False positive? Hardly. It was a trace-positive of clenbuterol that was identified in your sample – something you have not even disputed, rather attempted to explain away with a story of imported, contaminated beef which you have failed to back up with any substantive evidence whatsoever. We live in modern times, where by law meat has to be tracked through the supply chain. You have had nearly five months to trace the meat back from the butcher it was purchased from, and from there all the way back to its original farm source. So why haven’t you?

It’s incredible and embarrassing all the things that have happened these past few months. It’s been like a public lynching, a political fight, a war between the UCI and WADA. It has left me disillusioned and embittered.

The UCI and WADA certainly do not always see eye to eye over the policing of anti-doping procedures, and there is undoubtedly an element of political gamesmanship at play here. But that has nothing to do with the facts of the case. You have a positive test result, and you have done nothing to disprove it other than giving your word that it was an innocent error.

I note also that you did not comment on the results of the plasticiser test which pointed towards possible blood doping. In fairness, that test has been neither vetted nor approved for use, and the test results therefore have no bearing on the outcome of your case, so I can understand why you choose to ignore it. But it does look suspicious, no?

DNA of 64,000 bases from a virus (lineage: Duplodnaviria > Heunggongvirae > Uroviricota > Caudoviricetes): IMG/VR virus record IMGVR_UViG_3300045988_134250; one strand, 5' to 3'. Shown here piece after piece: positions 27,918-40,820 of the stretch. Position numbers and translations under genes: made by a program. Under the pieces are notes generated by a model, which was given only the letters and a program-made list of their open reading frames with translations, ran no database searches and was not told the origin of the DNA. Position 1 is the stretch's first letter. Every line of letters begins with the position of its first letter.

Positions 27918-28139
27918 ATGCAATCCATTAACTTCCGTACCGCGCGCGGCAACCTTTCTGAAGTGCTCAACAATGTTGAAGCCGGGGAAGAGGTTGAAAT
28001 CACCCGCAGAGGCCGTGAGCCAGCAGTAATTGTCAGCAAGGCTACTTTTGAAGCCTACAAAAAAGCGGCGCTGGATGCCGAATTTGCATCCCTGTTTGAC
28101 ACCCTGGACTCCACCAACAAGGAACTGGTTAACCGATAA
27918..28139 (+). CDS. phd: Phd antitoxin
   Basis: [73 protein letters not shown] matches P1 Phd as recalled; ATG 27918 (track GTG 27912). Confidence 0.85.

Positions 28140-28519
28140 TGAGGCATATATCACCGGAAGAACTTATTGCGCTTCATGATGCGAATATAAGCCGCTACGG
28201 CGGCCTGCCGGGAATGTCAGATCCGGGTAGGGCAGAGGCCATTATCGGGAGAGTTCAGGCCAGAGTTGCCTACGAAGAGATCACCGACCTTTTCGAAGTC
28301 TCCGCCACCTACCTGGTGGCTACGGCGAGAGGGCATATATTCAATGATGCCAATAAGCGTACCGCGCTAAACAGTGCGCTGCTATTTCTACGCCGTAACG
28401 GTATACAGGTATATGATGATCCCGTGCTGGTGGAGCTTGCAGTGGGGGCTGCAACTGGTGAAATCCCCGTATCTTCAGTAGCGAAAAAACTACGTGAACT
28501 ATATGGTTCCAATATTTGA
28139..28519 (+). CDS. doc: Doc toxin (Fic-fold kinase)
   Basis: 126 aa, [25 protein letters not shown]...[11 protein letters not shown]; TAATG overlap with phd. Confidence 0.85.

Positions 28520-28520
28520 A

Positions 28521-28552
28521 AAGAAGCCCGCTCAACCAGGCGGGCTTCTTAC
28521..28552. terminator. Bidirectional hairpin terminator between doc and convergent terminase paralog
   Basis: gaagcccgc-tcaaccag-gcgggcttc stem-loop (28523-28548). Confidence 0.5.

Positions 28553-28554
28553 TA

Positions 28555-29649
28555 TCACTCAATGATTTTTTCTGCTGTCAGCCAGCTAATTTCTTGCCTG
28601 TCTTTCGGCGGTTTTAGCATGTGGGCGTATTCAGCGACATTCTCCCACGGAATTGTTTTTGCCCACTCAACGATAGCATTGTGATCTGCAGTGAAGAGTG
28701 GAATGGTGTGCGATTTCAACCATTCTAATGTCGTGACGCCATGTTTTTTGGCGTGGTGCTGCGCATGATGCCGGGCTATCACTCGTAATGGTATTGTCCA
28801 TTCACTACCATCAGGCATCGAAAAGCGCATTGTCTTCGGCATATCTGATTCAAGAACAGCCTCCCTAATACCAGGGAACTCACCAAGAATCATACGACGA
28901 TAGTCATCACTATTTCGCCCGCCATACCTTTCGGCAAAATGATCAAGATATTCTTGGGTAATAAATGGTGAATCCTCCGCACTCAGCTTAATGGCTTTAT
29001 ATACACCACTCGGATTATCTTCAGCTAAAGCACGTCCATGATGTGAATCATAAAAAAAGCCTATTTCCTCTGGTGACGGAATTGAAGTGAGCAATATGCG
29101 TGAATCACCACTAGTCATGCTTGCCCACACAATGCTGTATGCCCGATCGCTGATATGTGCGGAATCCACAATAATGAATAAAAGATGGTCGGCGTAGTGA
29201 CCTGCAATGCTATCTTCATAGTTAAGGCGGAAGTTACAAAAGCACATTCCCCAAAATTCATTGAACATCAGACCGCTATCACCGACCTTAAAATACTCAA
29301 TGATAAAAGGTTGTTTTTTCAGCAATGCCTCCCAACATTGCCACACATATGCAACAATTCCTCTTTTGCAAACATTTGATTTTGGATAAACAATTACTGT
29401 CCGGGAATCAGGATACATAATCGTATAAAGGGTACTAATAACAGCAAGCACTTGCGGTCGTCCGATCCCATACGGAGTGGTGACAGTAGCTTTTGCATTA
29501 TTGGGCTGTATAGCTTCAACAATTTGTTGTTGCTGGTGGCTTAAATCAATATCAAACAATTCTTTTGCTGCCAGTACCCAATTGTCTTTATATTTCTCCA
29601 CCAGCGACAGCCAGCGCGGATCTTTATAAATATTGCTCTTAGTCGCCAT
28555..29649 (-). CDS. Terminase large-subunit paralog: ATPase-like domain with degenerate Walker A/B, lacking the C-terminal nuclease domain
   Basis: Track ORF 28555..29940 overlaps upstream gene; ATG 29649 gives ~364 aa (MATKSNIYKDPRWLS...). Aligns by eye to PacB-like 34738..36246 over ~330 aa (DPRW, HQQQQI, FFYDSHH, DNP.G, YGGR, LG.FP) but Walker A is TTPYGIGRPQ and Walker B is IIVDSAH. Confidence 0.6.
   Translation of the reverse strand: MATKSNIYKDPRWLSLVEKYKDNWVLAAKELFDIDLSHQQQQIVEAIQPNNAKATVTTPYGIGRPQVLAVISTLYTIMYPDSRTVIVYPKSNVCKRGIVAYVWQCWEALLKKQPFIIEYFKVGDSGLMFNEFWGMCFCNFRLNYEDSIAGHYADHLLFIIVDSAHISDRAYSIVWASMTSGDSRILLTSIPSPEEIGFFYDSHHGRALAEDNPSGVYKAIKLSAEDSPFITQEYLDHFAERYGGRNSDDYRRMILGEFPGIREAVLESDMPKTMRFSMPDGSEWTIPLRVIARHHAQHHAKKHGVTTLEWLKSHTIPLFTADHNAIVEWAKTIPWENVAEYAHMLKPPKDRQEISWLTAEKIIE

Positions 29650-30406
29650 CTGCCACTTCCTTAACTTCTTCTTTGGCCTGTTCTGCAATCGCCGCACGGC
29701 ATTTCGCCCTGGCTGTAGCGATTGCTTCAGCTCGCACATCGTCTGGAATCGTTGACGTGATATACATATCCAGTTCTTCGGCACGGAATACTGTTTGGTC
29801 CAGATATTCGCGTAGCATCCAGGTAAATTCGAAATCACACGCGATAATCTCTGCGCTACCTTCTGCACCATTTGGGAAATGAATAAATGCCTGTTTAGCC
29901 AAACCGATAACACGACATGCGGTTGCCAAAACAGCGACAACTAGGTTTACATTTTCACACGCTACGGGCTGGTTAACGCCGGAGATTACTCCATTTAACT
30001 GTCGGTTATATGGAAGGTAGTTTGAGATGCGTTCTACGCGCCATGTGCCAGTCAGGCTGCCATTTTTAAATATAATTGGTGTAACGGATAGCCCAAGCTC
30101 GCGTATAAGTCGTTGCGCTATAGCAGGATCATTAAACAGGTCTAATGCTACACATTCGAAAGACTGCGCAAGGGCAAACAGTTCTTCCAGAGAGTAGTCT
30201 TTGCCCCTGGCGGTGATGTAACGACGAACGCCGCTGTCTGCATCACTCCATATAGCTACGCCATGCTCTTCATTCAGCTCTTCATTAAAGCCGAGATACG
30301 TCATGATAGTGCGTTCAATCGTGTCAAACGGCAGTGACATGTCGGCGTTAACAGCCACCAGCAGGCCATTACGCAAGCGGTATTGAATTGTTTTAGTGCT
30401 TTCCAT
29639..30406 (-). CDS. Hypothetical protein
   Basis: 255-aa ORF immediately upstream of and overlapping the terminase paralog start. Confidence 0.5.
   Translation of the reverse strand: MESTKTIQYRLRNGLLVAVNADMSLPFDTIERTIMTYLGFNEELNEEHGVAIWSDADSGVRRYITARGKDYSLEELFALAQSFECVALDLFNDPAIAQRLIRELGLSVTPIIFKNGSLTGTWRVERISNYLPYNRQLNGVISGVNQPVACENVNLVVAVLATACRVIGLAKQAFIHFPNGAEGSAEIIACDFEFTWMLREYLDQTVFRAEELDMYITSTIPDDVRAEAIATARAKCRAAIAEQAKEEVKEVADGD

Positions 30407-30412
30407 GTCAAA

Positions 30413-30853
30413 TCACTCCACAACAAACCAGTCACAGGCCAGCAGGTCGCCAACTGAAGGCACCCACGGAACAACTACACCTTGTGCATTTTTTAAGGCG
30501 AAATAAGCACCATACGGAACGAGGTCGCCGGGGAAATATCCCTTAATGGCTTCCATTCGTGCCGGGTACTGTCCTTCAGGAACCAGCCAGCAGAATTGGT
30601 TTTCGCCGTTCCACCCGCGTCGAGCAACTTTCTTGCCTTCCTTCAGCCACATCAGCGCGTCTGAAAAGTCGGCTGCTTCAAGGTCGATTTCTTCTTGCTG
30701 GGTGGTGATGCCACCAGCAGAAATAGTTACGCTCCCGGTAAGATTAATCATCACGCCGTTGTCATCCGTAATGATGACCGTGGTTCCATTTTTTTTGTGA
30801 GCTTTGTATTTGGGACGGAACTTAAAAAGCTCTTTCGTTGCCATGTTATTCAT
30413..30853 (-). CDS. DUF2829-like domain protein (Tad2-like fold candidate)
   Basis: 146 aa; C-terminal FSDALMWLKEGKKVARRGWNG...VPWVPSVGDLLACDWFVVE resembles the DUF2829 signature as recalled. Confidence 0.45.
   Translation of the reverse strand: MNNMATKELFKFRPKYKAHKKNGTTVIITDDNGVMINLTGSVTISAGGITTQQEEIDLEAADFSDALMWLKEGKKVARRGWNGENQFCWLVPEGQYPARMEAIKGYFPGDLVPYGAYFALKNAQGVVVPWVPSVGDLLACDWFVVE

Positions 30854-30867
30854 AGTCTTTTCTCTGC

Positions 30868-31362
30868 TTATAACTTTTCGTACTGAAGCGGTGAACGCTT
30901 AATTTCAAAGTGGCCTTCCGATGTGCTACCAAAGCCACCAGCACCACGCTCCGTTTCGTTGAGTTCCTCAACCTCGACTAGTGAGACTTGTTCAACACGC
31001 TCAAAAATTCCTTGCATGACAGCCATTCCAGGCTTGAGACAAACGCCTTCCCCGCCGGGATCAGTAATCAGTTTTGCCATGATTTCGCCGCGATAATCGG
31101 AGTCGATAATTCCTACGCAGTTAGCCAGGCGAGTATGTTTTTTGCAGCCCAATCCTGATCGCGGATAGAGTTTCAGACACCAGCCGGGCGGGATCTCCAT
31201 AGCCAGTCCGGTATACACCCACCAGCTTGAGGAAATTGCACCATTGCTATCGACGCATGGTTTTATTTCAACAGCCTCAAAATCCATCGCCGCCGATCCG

Contador also firmly stated that he would not retire if banned, as he had previously threatened to do:

A few times over these past few months I was at the point of exploding, of crashing down, I simply couldn’t take it any more. Now I have changed my mind, a lot of time has passed, my emotions have tempered.

That is fair enough. I’m not sure anyone ever took that threat that seriously anyway, as it was clearly both an emotional response and one aimed squarely at the authorities to consider the implications of any action they might take.

What has everyone else said?

Neither the UCI nor WADA have passed official comment on the proposed ban so far, and have said they will not do so until a final verdict has been delivered. That seems right and proper.

However, Contador’s position has been supported by former Astana teammate Alexandre Vinokourov, who himself has previously served a one-year ban for blood doping. He said:

No decision has been taken [yet]. Contador is still the winner of the Tour de France.

And, of course, he was supported to the hilt at the press conference by his new team boss, Bjarne Riis: